I believe the world becomes a better place when more people remember who they are and step into their power, so I’ve committed my life to helping that happen. I was given gifts of listening, understanding, and bringing optimistic joy to situations. I make the world a better place by sharing that with people and amplifying their vibrancy.

There is a ripple effect from the people I serve. Some work in companies, many run their own, but all have found the internal confidence they’d long forgotten. This confidence lets them impact the world in their own ways and is a service to their friends and family. Generational wounds are healed when women come into their own power. Their daughters, nieces, cousins, and friends see that there is possibility in the world. Women don’t have to people-please and perform for others. There is safety in being yourself.

By teaching these lessons person-by-person, I believe I am doing what I can to impact future generations and ultimately leave the world a better place than I found it.

You are a person of great influence. If you could inspire a movement that would bring the most amount of good for the greatest number of people, what would that be? You never know what your idea can trigger.

I would love to see a world where people pay more attention to mindset and personal sovereignty. A world where you don’t just throw solutions at someone, you help them understand and implement.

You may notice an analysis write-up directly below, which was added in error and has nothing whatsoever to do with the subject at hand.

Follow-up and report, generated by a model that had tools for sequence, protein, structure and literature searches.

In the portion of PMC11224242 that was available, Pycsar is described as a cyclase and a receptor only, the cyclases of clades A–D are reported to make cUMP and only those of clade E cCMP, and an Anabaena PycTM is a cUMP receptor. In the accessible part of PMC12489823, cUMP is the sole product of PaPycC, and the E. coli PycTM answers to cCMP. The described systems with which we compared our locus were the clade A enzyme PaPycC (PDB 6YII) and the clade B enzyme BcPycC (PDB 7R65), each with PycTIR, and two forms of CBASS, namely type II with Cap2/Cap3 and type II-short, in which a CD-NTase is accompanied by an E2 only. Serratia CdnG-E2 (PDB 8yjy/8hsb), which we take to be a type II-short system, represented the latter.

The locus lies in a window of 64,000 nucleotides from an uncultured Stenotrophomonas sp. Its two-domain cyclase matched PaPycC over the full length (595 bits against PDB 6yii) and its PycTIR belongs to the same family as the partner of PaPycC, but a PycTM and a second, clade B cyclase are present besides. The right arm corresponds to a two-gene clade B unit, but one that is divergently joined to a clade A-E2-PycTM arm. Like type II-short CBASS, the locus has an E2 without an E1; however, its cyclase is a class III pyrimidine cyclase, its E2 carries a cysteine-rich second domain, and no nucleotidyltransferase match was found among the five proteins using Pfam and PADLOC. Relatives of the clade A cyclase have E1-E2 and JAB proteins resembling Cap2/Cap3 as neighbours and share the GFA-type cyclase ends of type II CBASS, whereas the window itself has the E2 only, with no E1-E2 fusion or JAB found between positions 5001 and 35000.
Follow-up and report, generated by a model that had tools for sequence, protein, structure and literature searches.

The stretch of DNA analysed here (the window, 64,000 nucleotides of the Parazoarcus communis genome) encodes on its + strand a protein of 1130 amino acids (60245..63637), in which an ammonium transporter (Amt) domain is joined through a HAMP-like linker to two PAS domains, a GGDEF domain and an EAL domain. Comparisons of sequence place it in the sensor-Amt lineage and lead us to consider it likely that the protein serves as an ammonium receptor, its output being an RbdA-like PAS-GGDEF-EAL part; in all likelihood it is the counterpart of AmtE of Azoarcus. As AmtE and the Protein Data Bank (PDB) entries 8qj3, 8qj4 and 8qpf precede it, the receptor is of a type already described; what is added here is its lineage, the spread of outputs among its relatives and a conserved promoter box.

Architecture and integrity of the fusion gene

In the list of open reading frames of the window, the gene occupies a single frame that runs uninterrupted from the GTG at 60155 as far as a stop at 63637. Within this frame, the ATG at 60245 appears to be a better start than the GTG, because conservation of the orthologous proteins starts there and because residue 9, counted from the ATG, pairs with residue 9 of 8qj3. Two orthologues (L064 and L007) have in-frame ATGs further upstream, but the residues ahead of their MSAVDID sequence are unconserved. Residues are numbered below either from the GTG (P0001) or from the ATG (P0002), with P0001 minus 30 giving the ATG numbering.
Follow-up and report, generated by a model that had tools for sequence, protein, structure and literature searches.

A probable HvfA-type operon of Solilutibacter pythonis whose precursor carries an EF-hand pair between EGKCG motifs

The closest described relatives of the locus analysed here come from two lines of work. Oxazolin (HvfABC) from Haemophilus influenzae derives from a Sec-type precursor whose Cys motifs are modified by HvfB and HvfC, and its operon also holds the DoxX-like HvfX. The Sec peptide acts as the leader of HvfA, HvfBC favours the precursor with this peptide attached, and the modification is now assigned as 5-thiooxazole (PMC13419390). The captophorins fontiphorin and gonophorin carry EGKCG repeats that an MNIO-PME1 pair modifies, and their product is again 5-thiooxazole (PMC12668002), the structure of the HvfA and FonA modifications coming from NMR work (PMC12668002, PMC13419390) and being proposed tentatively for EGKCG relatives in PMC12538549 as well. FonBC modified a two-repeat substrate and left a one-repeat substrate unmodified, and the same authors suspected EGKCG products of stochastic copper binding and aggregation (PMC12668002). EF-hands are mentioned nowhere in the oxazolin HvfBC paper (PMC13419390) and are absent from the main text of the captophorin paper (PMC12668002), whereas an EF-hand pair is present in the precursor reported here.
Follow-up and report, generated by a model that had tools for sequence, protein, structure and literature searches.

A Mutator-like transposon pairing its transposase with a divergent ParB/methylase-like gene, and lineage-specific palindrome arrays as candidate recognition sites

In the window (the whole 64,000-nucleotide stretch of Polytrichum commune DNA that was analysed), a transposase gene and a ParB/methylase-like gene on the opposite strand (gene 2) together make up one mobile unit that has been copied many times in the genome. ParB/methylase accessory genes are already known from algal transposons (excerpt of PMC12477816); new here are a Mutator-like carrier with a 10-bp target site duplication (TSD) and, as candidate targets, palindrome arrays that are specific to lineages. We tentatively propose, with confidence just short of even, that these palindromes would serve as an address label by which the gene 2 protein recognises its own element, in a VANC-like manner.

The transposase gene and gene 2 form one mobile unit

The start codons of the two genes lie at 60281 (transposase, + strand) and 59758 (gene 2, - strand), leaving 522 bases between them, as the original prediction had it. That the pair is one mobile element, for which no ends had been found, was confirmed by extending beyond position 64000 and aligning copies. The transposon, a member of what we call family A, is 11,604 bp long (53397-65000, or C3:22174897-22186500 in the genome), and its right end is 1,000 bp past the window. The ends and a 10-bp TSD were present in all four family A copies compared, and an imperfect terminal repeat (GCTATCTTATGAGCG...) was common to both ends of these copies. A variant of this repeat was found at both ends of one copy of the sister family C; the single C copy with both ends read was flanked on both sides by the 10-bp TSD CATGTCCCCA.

Someone I see doing this in a really powerful way is a friend of mine, Leslie Lew of Reclaiming Your Courage. She is teaching modern self-defense by empowering people to think of their mindset and vocalization as tools to keep situations from escalating to needing movement (which she also teaches).

She doesn’t just throw movement at you, there is a real understanding of your mindset in the moment. There is talking about how to verbalize boundaries and find exits to keep the situation from advancing to needing physical self-defense. And all of this is wrapped in helping you live a confident life not in fear. She is located in the Bay Area and has done tremendous work with the AAPI community there after so many horrendous attacks have occurred.

Ive attended her workshops and the work she is doing is deeply potent and has the power to save women’s lives. To see her movement amplified would be incredible.

We are very blessed that some very prominent names in Business, VC funding, Sports, and Entertainment read this column. Is there a person in the world, or in the US with whom you would love to have a private breakfast or lunch with, and why? He or she might just see this if we tag them.

Since attending the Grace Hopper Celebration in 2019, I have been a massive fan of Arlan Hamilton who founded Backstage Capital. Her story, mission, and impact are all next-level and she is truly one of the powerful female founders I look up to. I would be over the moon to discuss the benefits of self-sabotage-focused mindset coaching for the founders and teams she works with!.

Thank you for these fantastic insights. We greatly appreciate the time you spent on this.